I went to see Ted Rall speak tonight at the Amagansett Library. I met Ted some years ago, because I was casual friends with his wife Judy, (we saw each other at yoga). One morning, when we were talking after class, she mentioned to me that they hadn’t been out to a movie in so long. Ted went back and forth between New York, LA, East Hampton and wherever else he was working and Judy stayed home, worked and looked after Eric. It reminded me of my early life as a mother and wife. Wonderful but also hard, lonely years. Their son at the time was maybe three years old. I offered to babysit. And I remember how her face lit up as she accepted my offer for that very night!
He was an adorable smart little boy, who reminded me a lot of my own son at that age: precocious, used to being listened to, funny, lively and we had a nice time. He insisted I stay next to him lying down before he went to sleep. And he took a very long time to go to sleep. I remember being in the dark holding hands with this little boy. Also, opening up their dishwasher to put a glass I had used in it—and discovering the dishwasher chez Rall was used as storage! In it were nuts, legumes and all sorts of dried edibles. To this day that dishwasher full of nuts and legumes, just blows my mind.
I was thinking about all this, as I sat in the basement of the Amagansett Library waiting for Ted to talk. Ted is a political cartoonist. He’s written close to twenty graphic novels—his last book was on Snowden. Probably he’s on the hate list of every right wing organization. But he doesn’t shut up! Or put his pencil down.
People began to file in. I saw Ted. I didn’t bother to go up and introduce myself as the woman who had babysat his son eight zillion years ago, and once had dinner on the beach, but I wondered where Judy and Eric were. A few more people filed in. The room downstairs was filling up with people.
A handsome young lad with very shiny black hair appeared in the doorway, and I immediately recognized him as Eric, the little boy in his pj’s. He was getting tall. And wearing eyeglasses. It’s always poignant and heartbreaking to see how fast these children grow: one minute they want to sit on your lap and read stories, and the next moment they have eyeglasses and long legs, will smoke a joint and kiss someone — in the not too distant future.
Ted was milling around setting up. Eric with his shiny hair was given a place of honor in a director’s chair near the lectern. I saw him adjust his eyeglasses.
Where was Judy? As much as I was interested in what Ted was talking about, I realized, I had come to see Judy, whom I really like, and whom I hadn’t seen in so long.
Ted’s book is about Bernie Sanders. In fact, Ted is the only journalist that Bernie has allowed to write a bio on him. Ted believes Sanders has the possibility of winning not just the nomination, but the presidency as well. Wow! How thrilling! Everyone I know says Bernie has no chance of winning. But another friend –also a journalist—says we should all say Bernie can win, and quit putting out all these negative vibrations. Wouldn’t that be a hoot, to have an honest Abe sort of liberal, Jewish, president who is manifestly not on the corporate feed?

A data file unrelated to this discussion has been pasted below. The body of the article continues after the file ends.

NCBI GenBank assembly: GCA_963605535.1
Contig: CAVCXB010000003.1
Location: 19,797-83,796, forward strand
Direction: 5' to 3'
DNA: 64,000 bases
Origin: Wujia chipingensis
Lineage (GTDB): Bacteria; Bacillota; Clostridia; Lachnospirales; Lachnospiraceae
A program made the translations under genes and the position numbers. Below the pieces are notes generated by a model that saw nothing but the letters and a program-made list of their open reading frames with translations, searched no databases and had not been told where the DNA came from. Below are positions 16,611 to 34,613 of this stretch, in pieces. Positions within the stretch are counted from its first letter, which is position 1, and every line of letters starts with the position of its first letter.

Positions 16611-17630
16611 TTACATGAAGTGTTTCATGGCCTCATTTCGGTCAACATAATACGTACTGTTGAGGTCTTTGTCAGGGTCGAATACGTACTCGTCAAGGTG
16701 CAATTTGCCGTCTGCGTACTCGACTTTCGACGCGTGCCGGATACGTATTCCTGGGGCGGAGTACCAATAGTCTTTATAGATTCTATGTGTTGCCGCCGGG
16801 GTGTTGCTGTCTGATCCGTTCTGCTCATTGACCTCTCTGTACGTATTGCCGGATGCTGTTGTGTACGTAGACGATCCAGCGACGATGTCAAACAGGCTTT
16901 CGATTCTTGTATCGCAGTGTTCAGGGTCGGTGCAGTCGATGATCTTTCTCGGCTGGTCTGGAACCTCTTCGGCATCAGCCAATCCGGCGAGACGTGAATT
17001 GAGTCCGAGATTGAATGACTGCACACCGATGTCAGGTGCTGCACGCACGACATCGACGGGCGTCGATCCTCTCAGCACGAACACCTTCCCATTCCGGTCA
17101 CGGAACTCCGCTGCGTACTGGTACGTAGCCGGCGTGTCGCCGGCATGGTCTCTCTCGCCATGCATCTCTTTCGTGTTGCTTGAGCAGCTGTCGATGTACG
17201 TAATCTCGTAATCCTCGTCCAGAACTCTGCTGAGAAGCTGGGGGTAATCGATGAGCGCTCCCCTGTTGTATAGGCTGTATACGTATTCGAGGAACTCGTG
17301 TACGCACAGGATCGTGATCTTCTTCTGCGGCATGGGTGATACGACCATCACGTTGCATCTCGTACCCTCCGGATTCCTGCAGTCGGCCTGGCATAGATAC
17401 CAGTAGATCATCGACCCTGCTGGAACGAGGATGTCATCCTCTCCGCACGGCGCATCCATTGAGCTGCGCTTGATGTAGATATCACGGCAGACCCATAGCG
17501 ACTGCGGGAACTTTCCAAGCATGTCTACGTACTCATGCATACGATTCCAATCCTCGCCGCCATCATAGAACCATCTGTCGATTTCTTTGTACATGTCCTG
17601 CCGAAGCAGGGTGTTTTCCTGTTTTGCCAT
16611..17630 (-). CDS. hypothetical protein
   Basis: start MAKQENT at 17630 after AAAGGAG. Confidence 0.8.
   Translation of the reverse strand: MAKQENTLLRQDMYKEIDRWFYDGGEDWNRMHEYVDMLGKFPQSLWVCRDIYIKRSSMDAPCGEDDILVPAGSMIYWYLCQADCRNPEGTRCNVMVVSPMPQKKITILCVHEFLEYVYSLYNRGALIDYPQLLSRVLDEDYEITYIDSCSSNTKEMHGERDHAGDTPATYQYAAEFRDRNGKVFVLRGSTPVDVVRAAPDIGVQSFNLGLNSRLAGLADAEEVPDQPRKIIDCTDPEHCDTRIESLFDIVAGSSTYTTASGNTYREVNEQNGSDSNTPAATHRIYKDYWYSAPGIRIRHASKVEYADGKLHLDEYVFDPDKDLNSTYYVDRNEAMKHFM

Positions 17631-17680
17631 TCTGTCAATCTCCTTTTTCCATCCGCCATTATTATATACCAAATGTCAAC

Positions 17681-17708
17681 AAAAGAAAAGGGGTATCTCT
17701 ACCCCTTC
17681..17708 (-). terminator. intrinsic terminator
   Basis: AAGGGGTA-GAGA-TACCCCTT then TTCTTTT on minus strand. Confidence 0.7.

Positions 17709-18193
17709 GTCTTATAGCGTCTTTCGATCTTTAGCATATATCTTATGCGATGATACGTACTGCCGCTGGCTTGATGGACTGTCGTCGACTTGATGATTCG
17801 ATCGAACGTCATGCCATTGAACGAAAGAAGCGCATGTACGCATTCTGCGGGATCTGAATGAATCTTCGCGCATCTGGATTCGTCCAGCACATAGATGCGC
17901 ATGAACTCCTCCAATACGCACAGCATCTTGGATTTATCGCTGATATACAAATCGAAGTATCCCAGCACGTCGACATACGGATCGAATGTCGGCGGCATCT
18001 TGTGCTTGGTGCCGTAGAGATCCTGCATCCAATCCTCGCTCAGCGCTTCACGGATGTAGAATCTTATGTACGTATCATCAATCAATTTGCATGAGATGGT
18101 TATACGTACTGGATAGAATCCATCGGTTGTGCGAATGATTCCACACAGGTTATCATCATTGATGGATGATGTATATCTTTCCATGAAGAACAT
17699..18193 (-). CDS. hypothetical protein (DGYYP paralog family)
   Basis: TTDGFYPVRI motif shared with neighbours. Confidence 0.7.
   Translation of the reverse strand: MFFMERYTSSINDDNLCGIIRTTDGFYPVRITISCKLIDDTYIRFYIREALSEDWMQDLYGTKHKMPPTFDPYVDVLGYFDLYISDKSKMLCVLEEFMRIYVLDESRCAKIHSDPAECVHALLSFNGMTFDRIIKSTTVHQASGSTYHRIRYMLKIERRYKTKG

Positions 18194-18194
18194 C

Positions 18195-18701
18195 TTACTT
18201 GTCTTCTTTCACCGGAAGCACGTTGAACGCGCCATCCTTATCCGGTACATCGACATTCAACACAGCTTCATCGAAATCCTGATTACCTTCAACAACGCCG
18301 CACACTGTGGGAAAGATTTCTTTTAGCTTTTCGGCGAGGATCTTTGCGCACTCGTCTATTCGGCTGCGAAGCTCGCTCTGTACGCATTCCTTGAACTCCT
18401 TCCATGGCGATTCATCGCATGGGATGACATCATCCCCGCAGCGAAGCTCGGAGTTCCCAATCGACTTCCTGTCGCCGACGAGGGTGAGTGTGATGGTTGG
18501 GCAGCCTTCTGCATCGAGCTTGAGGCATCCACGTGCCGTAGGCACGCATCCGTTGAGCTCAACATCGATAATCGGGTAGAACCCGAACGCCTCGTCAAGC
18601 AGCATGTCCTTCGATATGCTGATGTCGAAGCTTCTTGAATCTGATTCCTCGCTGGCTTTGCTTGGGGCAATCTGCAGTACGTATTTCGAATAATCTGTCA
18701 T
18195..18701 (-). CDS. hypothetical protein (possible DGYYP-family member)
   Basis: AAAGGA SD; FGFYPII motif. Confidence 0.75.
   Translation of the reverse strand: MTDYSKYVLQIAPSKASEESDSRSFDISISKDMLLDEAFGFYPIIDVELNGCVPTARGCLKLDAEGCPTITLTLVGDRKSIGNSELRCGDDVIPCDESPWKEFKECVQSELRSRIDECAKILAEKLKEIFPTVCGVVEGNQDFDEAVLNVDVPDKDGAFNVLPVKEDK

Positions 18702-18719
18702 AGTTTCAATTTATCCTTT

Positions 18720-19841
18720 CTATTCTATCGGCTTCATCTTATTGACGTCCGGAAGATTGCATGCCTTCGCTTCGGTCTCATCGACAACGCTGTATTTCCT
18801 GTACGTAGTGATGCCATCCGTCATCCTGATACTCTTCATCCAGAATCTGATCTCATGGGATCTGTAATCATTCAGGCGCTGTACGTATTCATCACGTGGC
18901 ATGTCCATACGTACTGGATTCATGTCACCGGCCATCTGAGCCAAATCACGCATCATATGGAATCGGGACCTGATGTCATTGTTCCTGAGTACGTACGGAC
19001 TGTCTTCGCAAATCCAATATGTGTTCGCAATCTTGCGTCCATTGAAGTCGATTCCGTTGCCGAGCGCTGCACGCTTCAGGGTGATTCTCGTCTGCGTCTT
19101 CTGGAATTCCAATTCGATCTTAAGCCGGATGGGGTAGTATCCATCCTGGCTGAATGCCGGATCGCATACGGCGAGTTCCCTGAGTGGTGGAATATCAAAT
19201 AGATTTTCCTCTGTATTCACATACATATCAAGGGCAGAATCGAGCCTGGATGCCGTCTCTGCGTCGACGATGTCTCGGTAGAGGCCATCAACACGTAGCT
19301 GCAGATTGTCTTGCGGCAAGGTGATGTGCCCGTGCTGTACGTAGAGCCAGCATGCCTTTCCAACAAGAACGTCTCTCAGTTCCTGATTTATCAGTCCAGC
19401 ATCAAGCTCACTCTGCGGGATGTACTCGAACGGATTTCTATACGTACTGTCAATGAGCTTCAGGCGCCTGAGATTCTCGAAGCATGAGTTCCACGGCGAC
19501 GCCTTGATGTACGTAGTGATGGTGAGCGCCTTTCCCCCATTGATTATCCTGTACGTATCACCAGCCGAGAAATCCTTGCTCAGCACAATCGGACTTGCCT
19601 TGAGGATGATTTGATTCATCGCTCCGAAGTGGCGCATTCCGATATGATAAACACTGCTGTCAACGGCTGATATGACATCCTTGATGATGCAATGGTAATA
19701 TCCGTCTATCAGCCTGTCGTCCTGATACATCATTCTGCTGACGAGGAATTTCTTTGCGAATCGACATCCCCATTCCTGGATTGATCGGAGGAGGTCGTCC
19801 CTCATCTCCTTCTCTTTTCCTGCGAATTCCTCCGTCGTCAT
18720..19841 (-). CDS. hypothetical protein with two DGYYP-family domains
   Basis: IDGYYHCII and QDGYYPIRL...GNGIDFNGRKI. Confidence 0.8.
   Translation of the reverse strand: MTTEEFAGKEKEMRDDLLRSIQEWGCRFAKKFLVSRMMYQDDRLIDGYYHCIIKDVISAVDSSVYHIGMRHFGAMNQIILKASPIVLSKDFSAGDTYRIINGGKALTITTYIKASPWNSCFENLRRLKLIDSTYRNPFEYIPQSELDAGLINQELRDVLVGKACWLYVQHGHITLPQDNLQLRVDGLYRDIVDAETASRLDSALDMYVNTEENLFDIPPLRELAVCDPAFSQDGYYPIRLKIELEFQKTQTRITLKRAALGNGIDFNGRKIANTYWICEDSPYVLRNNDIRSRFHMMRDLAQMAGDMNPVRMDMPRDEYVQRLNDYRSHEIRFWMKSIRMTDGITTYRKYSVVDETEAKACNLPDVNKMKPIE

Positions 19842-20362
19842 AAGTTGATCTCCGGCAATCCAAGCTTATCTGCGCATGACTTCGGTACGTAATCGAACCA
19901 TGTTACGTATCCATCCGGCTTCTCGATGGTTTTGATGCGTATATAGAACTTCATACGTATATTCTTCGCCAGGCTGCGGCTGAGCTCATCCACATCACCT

The librarian got up to speak. And still no Judy. Where was she? Had they divorced? Is that why Eric had come in by himself? Is that why Ted placed his son in the directors’ chair because it was Dad’s night out with son and he was fumbling along trying to make it fun?
A woman who I imagined might be a friend of Judy’s was sitting next to me.
“Do you know Judy?” I asked?
“No,” she replied. “I saw her upstairs, though.”
That sounded sort of ominous. I didn’t ask how if she didn’t know her, she saw her upstairs. It worried me.
The librarian was going on, about Ted’s accomplishments: his John F. Kennedy Medal of Freedom awards, his near Pulitzer. I was lost in thought: book signings, how scary they are for the author (at least mine have been); marriage, my own long one, my close friends who have gotten divorced; children, the passage of time… By this point I was more than halfway convinced Judy had flown the coop. Part of me applauded this. Part of me worried about Eric who looked like such a cool sweet kid.
Ted got up to talk. The door opened. And Judy, Ted’s wife, glided in the door and sat down in the only empty chair in the room, the one next to me on the other side.
We gave each other a big hug. She looked really pretty with her hair down, long black hair just like her son. I realized I had never seen her with her hair down.
During the talk, my neck started getting stiff. Apparently the same thing was happening to Judy, we were both doing Namaste with our hands in back of our backs, trying to free the shoulders.
Ted’s talk about Bernie was brilliant. Of course I bought the book. And everybody else should too.
Here’s to marriage!
Here’s to staying together through thick and thin.
And here’s to Ted Rall’s book: Bernie